Folks, it would be easy to dismiss this past year’s chaos. Partisanship as politics, but it is far, far bigger than that. This administration is not just targeting the laws that protect us, they are targeting the very idea that we are all worthy of protection. For them, dignity is not something you are born with, but something you measure by your net worth, your celebrity, your headlines, your crowd size. Not to mention, the gender of your spouse, the country of your birth, the color of your skin, the God of your prayers. Their record has rebuked our highest American ideals, the belief that we are all or the, we are all equal, that we all count in the eyes of our laws, our leaders, our God, and our government. That is the American promise.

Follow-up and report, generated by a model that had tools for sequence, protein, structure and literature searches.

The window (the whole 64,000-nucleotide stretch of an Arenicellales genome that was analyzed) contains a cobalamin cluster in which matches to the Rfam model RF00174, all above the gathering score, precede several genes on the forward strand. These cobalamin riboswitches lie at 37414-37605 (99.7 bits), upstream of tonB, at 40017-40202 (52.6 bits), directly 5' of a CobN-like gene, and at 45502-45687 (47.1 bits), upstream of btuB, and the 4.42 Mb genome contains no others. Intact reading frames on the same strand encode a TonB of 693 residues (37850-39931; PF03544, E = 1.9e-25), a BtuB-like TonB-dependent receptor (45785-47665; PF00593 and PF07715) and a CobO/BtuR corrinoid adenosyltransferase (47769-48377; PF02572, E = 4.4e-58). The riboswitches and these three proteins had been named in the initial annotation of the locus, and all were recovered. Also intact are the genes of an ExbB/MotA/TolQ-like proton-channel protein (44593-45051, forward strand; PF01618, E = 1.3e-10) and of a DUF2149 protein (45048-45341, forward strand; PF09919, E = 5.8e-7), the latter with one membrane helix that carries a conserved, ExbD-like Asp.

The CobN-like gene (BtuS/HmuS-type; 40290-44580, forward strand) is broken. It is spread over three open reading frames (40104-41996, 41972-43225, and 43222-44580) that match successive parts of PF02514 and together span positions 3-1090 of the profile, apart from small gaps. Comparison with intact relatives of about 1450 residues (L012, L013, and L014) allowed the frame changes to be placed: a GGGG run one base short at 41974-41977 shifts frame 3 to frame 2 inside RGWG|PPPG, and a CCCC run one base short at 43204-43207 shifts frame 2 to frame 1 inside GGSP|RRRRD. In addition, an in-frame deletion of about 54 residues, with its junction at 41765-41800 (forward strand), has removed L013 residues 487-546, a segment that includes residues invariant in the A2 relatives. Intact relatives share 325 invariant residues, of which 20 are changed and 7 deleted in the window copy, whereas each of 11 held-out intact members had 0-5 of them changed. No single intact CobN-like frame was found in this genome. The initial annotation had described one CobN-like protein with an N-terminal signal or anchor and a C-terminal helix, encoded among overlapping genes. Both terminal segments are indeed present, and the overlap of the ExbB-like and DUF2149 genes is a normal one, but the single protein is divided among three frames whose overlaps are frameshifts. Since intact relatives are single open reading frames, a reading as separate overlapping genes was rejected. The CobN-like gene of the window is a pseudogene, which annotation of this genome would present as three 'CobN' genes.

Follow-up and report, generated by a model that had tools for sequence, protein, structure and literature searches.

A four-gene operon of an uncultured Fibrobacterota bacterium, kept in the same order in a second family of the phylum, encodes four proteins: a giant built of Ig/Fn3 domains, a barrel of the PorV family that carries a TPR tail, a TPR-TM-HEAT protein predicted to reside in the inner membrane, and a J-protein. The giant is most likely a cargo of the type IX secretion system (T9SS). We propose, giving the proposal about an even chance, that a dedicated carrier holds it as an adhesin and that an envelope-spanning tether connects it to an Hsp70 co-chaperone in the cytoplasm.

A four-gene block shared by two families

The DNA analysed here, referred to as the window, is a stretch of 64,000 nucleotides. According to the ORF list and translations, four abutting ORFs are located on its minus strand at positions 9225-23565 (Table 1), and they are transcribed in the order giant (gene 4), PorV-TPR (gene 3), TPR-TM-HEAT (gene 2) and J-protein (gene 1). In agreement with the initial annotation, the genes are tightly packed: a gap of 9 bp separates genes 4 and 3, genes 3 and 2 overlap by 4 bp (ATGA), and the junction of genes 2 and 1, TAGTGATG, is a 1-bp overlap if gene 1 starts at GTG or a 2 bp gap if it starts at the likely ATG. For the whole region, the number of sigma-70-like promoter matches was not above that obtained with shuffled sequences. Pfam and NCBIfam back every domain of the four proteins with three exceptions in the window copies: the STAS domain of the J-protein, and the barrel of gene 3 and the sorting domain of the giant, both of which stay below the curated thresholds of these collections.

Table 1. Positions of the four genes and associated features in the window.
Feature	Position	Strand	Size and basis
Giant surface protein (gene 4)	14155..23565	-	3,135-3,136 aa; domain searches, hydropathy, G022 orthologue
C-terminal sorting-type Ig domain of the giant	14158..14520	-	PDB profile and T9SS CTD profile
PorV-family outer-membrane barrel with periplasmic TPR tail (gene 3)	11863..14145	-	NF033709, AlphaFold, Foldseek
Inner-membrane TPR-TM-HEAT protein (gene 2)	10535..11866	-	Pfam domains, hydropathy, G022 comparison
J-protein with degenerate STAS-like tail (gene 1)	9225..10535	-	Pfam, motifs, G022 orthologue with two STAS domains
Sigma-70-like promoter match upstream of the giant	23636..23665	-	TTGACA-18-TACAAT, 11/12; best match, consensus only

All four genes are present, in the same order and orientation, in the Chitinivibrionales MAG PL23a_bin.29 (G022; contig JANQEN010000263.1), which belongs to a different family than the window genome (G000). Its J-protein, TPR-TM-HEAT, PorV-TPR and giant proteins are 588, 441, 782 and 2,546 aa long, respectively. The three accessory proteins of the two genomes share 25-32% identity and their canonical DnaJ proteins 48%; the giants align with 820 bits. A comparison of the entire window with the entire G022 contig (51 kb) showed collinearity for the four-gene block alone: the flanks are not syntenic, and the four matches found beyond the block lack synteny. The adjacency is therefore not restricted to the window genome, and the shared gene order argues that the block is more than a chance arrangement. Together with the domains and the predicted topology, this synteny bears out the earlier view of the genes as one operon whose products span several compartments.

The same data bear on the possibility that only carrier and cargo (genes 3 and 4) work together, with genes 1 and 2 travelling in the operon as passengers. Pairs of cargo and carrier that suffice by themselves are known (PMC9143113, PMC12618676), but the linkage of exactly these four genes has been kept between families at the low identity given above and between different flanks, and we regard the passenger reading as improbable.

But today, ladies and gentlemen, today that promise is being broken by an administration that callously appraises our worthiness and decides who makes the cut, and who can be bargained away. They are turning American life into a zero-sum game where for one to win, another must lose. Where we can guarantee America’s safety if we slash our safety net. Where we can extend health care in Mississippi if we gut it in Massachusetts. We can cut taxes for corporations today if we raise them on families tomorrow. Where we can take care of sick kids if we sacrificed Dreamers. We are bombarded with one false choice after another. Coal miners or single moms, rural communities or inner cities. The coast or the heartland. The daycare worker in Birmingham, bitter rivals rather than mutual casualties of a system forcefully rigged towards those at the top. The parent who lies awake terrified that their transgender son or daughter will be beaten and bullied at school. Nothing is more shattering been a daughter in the grips of an opioid addiction.